What is it with PCs, ships, and piracy? They snag a ship and if there's any freedom in the plot its 7/10 times they start hunting a bigger one, 2/10 it blows up or burns down, and bloody 1/10th the time they actually do something legal & normal like travel. Sci-fi, historic, fantasy.... actually I don't know about supers games, those might well be closest to normal.
    In campaigns Iíve been involved in the PCs capturing a ship leads inevitably to a mercantile campaign.

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    Default Re: Derailing the campaign in session one

    In the case of the OP, the rook GM's mistake was to start with a session that had to unfold a certain way. Excellent session.
    Should have has session 0 starting with characters who are already caught.
    Maybe even narrate a cut scene of being processed, chipped and shown around their new ship before character gen.
    Or, less prep into the "after they get caught" bit and some thought into "what if they don't"

    Hopefully a learning experience and not discouraging future GMing
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    Default Re: Derailing the campaign in session one

    Quote Originally Posted by Pauly View Post
    IĒm sure most of us have done this at some point or another. Iím not talking about the players deliberately breaking the campaign or going murderhobo, Iím talking about playing the game in good faith and in the process wrecking the GMís carefully laid out plans. Technically itís possible to wreck a campaign in session zero by building a party that canít complete the campaign as written.

    My examp,e is we started a StarWars campaign. The set up was we met in a bar and then the Imperial Navy recruiters turned up and press-ganged everyone into the Navy.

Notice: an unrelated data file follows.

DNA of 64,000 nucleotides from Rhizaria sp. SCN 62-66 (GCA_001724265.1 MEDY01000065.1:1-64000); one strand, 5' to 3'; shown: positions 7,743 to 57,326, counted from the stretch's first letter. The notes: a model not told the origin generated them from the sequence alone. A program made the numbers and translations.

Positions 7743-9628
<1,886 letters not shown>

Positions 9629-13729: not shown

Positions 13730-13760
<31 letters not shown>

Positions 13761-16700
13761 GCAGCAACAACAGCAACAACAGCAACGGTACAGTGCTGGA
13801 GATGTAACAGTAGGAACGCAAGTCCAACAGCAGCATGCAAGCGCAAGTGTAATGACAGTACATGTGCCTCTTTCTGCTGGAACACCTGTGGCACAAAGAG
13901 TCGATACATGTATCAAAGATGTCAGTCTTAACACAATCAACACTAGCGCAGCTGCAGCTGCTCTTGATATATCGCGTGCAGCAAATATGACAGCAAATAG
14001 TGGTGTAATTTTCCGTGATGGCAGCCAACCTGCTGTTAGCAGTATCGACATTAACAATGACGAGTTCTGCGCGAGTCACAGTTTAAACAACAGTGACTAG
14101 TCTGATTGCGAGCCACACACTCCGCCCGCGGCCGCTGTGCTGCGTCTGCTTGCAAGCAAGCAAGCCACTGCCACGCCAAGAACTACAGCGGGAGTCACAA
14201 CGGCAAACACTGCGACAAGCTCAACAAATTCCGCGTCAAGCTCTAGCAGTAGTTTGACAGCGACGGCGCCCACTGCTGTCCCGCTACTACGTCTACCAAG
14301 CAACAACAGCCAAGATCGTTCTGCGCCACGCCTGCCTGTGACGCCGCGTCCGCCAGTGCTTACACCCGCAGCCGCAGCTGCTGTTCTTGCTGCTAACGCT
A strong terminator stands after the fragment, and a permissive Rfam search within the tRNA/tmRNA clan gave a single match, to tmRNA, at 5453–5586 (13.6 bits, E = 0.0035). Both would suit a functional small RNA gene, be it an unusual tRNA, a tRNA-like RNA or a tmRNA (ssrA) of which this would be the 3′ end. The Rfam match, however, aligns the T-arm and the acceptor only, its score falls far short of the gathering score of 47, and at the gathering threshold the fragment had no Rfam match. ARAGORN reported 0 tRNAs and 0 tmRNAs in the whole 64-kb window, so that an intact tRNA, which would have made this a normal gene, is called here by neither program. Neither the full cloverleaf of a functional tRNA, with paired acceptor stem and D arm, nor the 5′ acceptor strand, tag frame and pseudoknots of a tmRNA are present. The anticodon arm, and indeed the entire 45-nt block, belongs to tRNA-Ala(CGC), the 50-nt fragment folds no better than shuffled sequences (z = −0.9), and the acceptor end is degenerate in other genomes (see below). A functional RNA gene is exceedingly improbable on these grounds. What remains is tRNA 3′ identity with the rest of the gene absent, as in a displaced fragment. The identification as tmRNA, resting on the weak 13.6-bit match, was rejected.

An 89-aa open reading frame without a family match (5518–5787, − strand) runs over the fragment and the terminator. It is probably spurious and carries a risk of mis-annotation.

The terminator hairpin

So we started a riot and made our escape. Then we worked our way to the docks and found a suitable ship to steal. After stealing the ship a large force of TIE fighters was sent to stop us, and after letting the initial attack run take down the shields we bluffed the TIE fighters into believing we were Intelligence agents and their attack was part of the show to convince the watching rebels we were genuine.
    Session ends with us hyperjumping to the outer rim, selling the stolen ship and buying another ship.
    High 5s all around and congratulating the GM on such a great start to the campaign and we canít wait for next week.

    At which point she tells us their ainít gonna be next week. Her campaign plan for session one was that we were supposed to be:
    - press-ganged,
    - get contacted by rebel spies who would sneak us out, then
    - be chipped suicide squad style
    - be given a rebel ship with an embedded tracking device
    - be sent on the first of our a series of missions which would end with us stealing the plans for the Death Star.

    We had killed the Rebel spymaster in the riot turning the rebels against us, got our records flagged by both the Imperial Navy and the Imperial Intelligence making undercover work in the Imperium nearly impossible and had acquired our own ship with a clean record..

    Sheíd spent 2 months building the campaign and we were so deep in the weeds she had no prepared material suitable to follow on from where we had ended session one. And thatís where the campaign ended.
    Your DM made the same mistake that a lot of DM's make. You played through the intro.

    The intro is not for playing unless the DM is open to these sorts of things happening. The intro is for introducing things.

    Getting press-ganged? That's story.
    Getting contacted by spies? That's story.
    Getting chipped suicide-suqad-style? That's story.
    Getting a ship for your first mission? That's story.
    Being sent on your quest? THAT is where her game actually started.

    Everything leading up to that? That's introductory story that the DM should give you before turning over the reins and letting the players start rolling dice.

    The DM should be absolutely prepared for their game to take an immediate left-turn the moment they let players start rolling. That's not to say it will, luck and chance may conspire to make it work just as planned. The DM may be really good at making the railroad look like an open-world, the players may be really interested in the story laid out before them.

    But a lot of DMs and a lot of games make this exact mistake. They let people start playing before they actually should.
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    Default Re: Derailing the campaign in session one

    Quote Originally Posted by Pauly View Post
    Donít know why so many people think the GM was in error. Sheís a very good, very experienced GM. Itís just that the party when met with overwhelming force on 3 occasions managed to get out. She did everything possible in game to get us back on the rails. By rights the party should have been captured.
    because....

    Quote Originally Posted by Duff View Post